Steve Levitt, the iconoclastic University of Chicago economist and co-author of the Freakonomics book series, tracks down other high achievers and asks questions that only he would think to ask. Guests include all-time Jeopardy! champion Ken Jennings, YouTube CEO Susan Wojcicki, WNBA champion Sue Bird, Operation Warp Speed chief Moncef Slaoui, and neuroscientist/actress Mayim Bialik. People I (Mostly) Admire is a production of the Freakonomics Radio Network.
89. A Cross Between Sherlock Holmes and Indiana Jones
Heeding the warnings of public health officer Charity Dean about Covid-19 could have saved lives. Charity explains why she loves infectious diseases and why she moved to the private sector.
88. Ken Burns on Heroism, Horror, and History
The documentary filmmaker, known for "The Civil War," "Jazz," and "Baseball," turns his attention to the Holocaust, and asks what we can learn from the evils of the past.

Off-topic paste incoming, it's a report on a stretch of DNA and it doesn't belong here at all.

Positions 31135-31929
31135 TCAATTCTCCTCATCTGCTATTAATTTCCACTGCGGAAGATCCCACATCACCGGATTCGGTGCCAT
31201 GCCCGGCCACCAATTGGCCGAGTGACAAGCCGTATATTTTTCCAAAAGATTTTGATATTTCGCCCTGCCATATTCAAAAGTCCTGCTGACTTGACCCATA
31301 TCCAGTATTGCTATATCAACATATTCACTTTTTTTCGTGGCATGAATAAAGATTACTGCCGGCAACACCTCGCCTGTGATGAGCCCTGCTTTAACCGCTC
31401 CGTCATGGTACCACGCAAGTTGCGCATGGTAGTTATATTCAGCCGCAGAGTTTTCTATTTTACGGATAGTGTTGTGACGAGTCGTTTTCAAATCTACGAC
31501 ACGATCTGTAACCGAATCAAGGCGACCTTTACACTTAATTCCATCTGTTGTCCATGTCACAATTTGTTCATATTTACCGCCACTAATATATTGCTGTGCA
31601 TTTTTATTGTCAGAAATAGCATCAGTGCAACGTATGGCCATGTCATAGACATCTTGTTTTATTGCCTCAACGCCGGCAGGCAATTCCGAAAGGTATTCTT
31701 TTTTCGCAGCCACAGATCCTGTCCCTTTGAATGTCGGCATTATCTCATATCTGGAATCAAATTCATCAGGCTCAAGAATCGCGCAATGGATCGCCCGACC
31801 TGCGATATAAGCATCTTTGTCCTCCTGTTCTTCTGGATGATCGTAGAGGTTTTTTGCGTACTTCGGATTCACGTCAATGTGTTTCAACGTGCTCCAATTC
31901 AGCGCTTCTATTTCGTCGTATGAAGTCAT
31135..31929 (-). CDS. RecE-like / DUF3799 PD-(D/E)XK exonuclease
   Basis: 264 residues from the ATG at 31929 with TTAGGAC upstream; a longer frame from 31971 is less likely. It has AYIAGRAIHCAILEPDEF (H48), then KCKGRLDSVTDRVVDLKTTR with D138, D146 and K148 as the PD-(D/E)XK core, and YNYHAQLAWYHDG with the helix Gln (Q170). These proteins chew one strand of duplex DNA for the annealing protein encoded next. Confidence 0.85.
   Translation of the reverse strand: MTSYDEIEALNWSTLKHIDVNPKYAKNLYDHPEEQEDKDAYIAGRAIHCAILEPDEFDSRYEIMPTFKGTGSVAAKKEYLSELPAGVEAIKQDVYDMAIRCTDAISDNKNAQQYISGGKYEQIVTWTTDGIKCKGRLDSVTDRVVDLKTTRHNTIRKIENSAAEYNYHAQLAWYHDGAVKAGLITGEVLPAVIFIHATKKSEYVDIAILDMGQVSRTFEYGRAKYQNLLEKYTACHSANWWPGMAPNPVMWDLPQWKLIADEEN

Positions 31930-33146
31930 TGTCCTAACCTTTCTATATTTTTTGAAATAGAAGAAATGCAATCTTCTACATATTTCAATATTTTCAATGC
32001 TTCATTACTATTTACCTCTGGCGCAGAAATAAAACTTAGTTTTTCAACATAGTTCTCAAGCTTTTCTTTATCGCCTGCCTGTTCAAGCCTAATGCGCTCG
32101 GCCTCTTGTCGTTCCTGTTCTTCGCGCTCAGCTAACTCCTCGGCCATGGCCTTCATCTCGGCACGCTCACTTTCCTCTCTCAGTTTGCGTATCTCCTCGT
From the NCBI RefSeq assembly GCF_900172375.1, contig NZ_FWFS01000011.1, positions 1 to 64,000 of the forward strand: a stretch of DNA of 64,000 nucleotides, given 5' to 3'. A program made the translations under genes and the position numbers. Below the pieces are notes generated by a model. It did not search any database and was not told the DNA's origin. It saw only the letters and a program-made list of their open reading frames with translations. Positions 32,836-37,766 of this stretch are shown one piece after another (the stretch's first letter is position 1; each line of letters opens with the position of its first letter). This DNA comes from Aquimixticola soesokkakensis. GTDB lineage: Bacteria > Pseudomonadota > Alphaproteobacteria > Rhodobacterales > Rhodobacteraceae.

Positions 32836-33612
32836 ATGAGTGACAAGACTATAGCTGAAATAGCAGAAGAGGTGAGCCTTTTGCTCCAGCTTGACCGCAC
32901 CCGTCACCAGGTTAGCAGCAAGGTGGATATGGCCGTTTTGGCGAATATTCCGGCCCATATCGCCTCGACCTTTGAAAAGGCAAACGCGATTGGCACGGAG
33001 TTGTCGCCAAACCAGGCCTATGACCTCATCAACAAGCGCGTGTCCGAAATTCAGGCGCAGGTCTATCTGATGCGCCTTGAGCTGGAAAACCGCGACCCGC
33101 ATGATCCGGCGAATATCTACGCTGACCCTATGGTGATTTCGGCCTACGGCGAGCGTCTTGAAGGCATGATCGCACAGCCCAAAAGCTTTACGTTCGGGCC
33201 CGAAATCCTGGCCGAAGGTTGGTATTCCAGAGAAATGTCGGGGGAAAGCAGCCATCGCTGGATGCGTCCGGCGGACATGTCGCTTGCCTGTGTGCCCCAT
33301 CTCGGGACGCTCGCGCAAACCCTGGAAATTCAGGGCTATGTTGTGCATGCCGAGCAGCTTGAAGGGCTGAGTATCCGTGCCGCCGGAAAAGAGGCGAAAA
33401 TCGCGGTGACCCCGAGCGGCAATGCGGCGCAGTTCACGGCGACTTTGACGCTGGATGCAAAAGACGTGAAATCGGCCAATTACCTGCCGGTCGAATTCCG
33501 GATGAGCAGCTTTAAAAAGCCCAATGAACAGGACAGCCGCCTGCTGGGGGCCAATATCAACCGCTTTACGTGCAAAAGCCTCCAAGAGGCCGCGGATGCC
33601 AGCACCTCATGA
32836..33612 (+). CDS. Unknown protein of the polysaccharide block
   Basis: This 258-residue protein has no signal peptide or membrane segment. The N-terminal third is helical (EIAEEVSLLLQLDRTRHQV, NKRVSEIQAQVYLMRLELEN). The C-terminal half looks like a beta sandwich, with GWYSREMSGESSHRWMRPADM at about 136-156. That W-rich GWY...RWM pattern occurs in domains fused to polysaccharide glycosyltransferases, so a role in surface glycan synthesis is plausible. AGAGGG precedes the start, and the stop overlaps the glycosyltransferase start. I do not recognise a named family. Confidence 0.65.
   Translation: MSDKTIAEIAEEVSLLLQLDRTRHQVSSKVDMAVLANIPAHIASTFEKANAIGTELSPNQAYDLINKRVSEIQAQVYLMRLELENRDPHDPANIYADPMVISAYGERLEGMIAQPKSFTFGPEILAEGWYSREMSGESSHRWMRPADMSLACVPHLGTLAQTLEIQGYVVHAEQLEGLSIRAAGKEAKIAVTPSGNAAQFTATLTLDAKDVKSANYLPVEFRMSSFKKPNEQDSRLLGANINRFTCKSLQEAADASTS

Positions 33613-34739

87. How Much Are the Right Friends Worth?
Harvard economist Raj Chetty uses tax data to study inequality, kid success, and social mobility. He explains why you should be careful when choosing your grade school teachers — and your friends.
86. A Million-Year View on Morality
Philosopher Will MacAskill thinks about how to do as much good as possible. But that's really hard, especially when you're worried about humans who won't be born for many generations.
85. What It Takes to Know Everything
Victoria Groce is one of the best trivia contestants on earth. She explains the structure of a good question, why she knits during competitions, and how to memorize 160,000 flashcards.
84. Yuval Noah Harari Thinks Life Is Meaningless and Amazing
The author of "Sapiens" has a knack for finding the profound in the obvious. He tells Steve why money is fiction, traffic can be mind-blowing, and politicians have a right to say stupid things in private.